Wednesday, February 03, 2010

Modified PTFE Can Be Processed As A Thermoplastic

A structurally modified PTFE can now be processed as a thermoplastic. This gives designers a new range of freedom and enables hitherto impossible applications for this fluoropolymer.At the same time, part production is more efficient. Polytetrafluoroethylene (PTFE) is a high-performance material with a range of properties that have made it particularly suitable for challenging applications. By modifying the polymer, it has become possible to obtain a product, the newly developed Moldflon, that can be processed by thermoplastic techniques.

This material opens up further applications due to the freedom offered by thermoplastic shaping. It can overcome the conventional disadvantages of PTFE processing methods, particularly high material waste as a result of machining and poor surface quality. Due to the thermoplastic process ability of Moldflon, PTFE parts can be produced in a single operation. With traditional PTFE, at least three steps - pressing, sintering and machining - were necessary. The possibility of overmoulding individual parts that is now available can simplify product design.

Lean manufacturing replaces the previous complicated multicomponent solutions. For manufacturing PTFE coverings, processors have so far had two methods available. In isostatic pressing, the insert is embedded in the PTFE raw-material powder, which is then sintered. The surface usually only has to be finished by machining to meet the tight tolerance specifications. It is difficult to achieve smooth surfaces and challenging contours. Another way of producing the PTFE skin consists in prefabricating the individual parts from PTFE. Then the insert part is embedded in further shaping steps, or the PTFE components are welded to form the end shell contour.

Because Moldflon can be processed as a thermoplastic, the inserts can now be overmolded, greatly shortening the process chain. This results in a huge savings potential, particularly for large-scale production. Typical parts that are difficult to produce by conventional PTFE processes include joint capsules of ball-and-socket joints. Generating this outer skin from Moldflon not only requires a great deal of experience with the material behaviour, but also detailed technical knowledge about the production technology. Since Moldflon has a melting point of about 320C, melt temperatures of 360C and mould temperatures of about 260C are necessary.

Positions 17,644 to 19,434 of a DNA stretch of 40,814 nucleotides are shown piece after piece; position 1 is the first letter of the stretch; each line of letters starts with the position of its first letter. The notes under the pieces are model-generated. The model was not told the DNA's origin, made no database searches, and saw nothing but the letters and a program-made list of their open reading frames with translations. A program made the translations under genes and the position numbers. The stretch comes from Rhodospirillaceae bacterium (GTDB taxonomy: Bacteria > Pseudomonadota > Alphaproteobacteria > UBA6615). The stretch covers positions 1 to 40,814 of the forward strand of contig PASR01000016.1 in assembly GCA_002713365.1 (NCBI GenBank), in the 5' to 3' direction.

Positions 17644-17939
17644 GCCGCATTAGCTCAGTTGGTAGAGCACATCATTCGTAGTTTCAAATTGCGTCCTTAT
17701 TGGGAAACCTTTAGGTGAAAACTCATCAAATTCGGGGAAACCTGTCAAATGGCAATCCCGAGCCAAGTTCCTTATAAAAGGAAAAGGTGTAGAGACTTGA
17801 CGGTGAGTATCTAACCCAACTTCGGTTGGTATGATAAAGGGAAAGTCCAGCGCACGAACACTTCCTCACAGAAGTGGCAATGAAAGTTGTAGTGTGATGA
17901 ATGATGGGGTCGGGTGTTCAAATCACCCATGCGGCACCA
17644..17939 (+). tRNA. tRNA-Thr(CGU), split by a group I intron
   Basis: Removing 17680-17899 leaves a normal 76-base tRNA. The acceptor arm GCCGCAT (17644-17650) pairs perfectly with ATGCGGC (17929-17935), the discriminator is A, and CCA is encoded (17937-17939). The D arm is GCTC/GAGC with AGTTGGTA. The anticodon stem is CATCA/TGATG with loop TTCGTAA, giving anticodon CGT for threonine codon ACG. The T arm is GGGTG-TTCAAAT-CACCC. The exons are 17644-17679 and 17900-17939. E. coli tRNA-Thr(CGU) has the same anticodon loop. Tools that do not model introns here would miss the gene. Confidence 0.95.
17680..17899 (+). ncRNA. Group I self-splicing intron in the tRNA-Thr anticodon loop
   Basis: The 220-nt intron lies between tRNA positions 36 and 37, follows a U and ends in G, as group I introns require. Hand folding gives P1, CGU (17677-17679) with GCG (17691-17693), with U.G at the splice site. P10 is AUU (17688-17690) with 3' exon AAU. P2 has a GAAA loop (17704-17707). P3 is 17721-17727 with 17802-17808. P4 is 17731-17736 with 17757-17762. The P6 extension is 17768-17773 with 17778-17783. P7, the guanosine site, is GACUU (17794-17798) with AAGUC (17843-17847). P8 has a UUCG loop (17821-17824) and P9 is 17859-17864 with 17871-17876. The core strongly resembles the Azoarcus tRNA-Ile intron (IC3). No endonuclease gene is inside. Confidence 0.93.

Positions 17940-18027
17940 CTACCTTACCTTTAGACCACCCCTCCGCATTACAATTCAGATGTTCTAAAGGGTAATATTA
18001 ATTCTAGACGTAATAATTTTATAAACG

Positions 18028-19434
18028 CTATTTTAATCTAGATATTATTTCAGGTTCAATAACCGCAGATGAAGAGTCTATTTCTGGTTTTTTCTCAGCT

The parts to be overmoulded must consequently pass through a pre-heating station before they are transferred to the cavity. If required, retaining the centring pins can be used to reduce the part tolerances. To prevent the plastic melt solidifying prematurely in the region of the pins, they are heated together with the surrounding components. During the injection, the pins are retracted, requiring special mould equipment. For top part quality, it is essential to coordinate all the relevant process parameters, from injection to demoulding. The sliding layers in the ball joints undergo steady, as well as intermittent, compressive loading during use and, in cars and trucks, they also experience high temperatures in the region of the drive components.